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-   -   Old guys,What was it ? (http://www.hotrodders.com/forum/old-guys-what-197481.html)

oldschool hero 04-29-2011 01:58 PM

Old guys,What was it ?
 
At one time years ago, even before the Sun machines, a device was used for setting up timing curves on distributors.I just can't for the life of me remember what it was called or who made it.I would like to get my hands on one just to do some experimenting.
Anyone remember this thing? :drunk: :confused:

poncho62 04-29-2011 02:03 PM

I thought they were just called distributor machines....Stewart Warner, Sun, etc

Heres one on Ebay

http://cgi.ebay.com/ebaymotors/Sun-D...motiveQ5fTools

oldschool hero 04-29-2011 02:18 PM

Thats a later type but I'm looking for the earlier one.Thats more $$ than I want to sink in one just to play with.

MARTINSR 04-29-2011 02:32 PM

My brother has one that looks like this and re-curves distirbutors as one of this services. He does it by mail if you want to contact him PM me.

http://www.ctci.org/gilsgarage/images/SunMachine.jpg

He has had a few over the years and they usually don't cost a whole lot because people don't know what they are used for!

Brian

speedbump 04-29-2011 03:41 PM

Allen made a machine that was a no frills machine like the Sun and they called it a Syncrograph I believe. Is that what you were referring to?

willowbilly3 04-29-2011 03:48 PM

All the ones I have used were Sun. If one comes up for sale, they are usually dirt cheap.

sqzbox 04-29-2011 04:01 PM

Quote:

Originally Posted by MARTINSR
My brother has one that looks like this and re-curves distirbutors as one of this services. He does it by mail if you want to contact him PM me.

http://www.ctci.org/gilsgarage/images/SunMachine.jpg

He has had a few over the years and they usually don't cost a whole lot because people don't know what they are used for!

Brian

Do what I do. Go down to the local tech college automotive shop and make friends with one of the students or talk to the instructor. They should have one you might be able to use. I've done it before. Those machines are great in the fact that you can set up and make changes without having to blow out a bunch of gas at the track and much more accurate than a dial back timing light. if I could find one cheap, I would buy it in a heartbeat. :D

cjperotti 04-29-2011 09:46 PM

They were called dwell meters. They were quite common and few still are in service.

Dave57210 04-29-2011 11:37 PM

Dwell meters?
 
I don't think dwell meters ever were useful for setting up timing curves. They provided a much more accurate "dwell" (how long the points stayed closed) than setting by feeler gauge, but no real impact on timing curves.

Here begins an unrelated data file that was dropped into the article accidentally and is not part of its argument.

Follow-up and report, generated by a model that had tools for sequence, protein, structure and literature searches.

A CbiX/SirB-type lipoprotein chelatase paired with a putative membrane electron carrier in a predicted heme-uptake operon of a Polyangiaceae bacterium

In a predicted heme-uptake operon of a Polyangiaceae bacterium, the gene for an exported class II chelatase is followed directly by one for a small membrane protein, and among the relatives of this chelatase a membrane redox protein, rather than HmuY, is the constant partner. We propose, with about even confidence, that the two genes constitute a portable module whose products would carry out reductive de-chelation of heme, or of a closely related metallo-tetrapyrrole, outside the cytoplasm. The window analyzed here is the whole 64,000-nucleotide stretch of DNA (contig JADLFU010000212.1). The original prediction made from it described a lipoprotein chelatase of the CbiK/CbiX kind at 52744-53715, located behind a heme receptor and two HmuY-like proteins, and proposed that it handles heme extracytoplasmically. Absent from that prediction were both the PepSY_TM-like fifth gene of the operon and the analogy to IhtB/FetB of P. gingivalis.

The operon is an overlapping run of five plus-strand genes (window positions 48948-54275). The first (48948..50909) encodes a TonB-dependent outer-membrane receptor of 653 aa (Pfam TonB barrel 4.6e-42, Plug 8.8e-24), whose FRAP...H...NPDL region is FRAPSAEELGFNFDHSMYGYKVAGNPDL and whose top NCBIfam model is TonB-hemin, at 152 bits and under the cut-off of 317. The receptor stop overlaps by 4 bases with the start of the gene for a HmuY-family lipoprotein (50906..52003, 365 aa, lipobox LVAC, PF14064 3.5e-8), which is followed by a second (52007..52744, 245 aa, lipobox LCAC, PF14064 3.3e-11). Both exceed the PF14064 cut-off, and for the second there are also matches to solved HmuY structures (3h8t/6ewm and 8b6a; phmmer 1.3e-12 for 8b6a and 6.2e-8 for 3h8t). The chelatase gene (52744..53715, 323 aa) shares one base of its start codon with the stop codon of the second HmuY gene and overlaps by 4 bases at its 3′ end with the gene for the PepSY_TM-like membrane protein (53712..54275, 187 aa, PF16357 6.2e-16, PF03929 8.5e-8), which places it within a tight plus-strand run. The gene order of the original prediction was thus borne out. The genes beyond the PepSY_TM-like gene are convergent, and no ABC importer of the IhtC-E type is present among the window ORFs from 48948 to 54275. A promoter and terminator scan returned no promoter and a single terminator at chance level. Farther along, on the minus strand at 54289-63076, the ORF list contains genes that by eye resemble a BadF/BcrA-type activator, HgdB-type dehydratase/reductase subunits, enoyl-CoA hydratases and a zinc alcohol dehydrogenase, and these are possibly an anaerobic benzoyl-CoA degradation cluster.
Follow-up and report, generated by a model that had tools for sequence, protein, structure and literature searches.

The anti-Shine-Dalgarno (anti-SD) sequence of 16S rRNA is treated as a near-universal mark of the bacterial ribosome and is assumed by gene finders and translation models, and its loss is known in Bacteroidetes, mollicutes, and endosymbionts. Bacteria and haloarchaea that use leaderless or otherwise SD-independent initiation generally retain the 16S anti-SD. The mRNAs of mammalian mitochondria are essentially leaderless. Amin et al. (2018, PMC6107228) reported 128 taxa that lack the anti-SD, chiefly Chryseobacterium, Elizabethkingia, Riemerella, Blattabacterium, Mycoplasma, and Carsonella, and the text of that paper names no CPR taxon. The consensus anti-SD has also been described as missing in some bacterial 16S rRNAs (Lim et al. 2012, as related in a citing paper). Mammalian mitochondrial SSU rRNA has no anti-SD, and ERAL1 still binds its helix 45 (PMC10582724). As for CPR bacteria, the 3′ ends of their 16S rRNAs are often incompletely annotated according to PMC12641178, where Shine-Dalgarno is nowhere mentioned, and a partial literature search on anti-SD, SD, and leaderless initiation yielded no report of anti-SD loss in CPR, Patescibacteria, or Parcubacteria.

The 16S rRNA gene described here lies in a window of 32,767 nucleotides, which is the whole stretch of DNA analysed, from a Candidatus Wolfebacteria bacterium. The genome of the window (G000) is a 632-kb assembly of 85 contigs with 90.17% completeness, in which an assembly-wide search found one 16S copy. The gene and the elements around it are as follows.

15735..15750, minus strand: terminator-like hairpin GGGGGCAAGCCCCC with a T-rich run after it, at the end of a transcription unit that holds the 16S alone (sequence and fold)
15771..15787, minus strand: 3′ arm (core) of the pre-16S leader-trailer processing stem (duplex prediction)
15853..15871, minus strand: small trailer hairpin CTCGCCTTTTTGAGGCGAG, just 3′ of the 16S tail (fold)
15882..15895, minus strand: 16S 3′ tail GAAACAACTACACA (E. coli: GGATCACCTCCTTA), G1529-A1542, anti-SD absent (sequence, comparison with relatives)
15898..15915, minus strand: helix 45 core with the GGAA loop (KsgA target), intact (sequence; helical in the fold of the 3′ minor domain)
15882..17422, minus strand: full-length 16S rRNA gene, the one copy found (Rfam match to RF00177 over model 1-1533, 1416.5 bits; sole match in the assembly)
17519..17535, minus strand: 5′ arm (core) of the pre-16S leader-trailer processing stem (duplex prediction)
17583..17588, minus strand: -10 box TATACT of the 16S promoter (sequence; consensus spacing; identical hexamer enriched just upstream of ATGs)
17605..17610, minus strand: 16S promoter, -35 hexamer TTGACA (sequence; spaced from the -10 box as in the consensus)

As to dwell meters - EVERYBODY made 'em - usually in a dwell/tach handheld unit from Sears, Sun, Aquus, S-W, etc, etc. Prices used to range from about $19.00 to around a hundred or so.

The advent of breakerless ignitions consigned dwell tachs to the curiousity bin.

(one reason Chev -and GM in general - engines were more popular than FoMoCo, MoPar etc was because you could tune them easier by using a dwell tach on it while running) Ford & Mopar required you to shut it off, open the dizzy, reset the gap, start it up again and take another dwell reading. The GMs had that little window on the side of the cap that you stuck an Allen key into and adjusted to get the exact dwell while running.

However, the original poster was asking about "setting up timing curves", and a dwell tach won't do that.

Maybe an Oscilloscope?

bentwings 05-01-2011 09:52 AM

My first experience with ignitions goes back to the mid 50's and I don't remember anything other than the Sun machine shown above. There were newer versions in the early 60's that I used in the hotrod shop. We even had one that could run magnetos...it was converted from a standard machine. The later ones could run up to about 8000 engine rpm.

We did use an oscilloscope in the 60's which was quite advanced for the time. A real PIA to use for everyday tune up however. It was great for finding that nasty ignition problem that defied reason however.

There were other fancy and exspensive tune up machines that really were a lot of hocus pocus things.

As noted above the dwel/tach was cheap and everyone had them.

Last summer on one of our cruises we saw a vintage Sun Machine sitting in a corner. The guy didn't know how to run it or anything about it but wouldn't part with it....it would be worth something some day was his comment.....another guy with 'hoarder disease'.

sqzbox 05-01-2011 04:39 PM

Quote:

Originally Posted by bentwings
The guy didn't know how to run it or anything about it but wouldn't part with it....it would be worth something some day was his comment.....another guy with 'hoarder disease'.

Well put. better that than a yard full of rusty classics. :mad:

Henry the 32nd 05-01-2011 05:23 PM

Allen Machine ???


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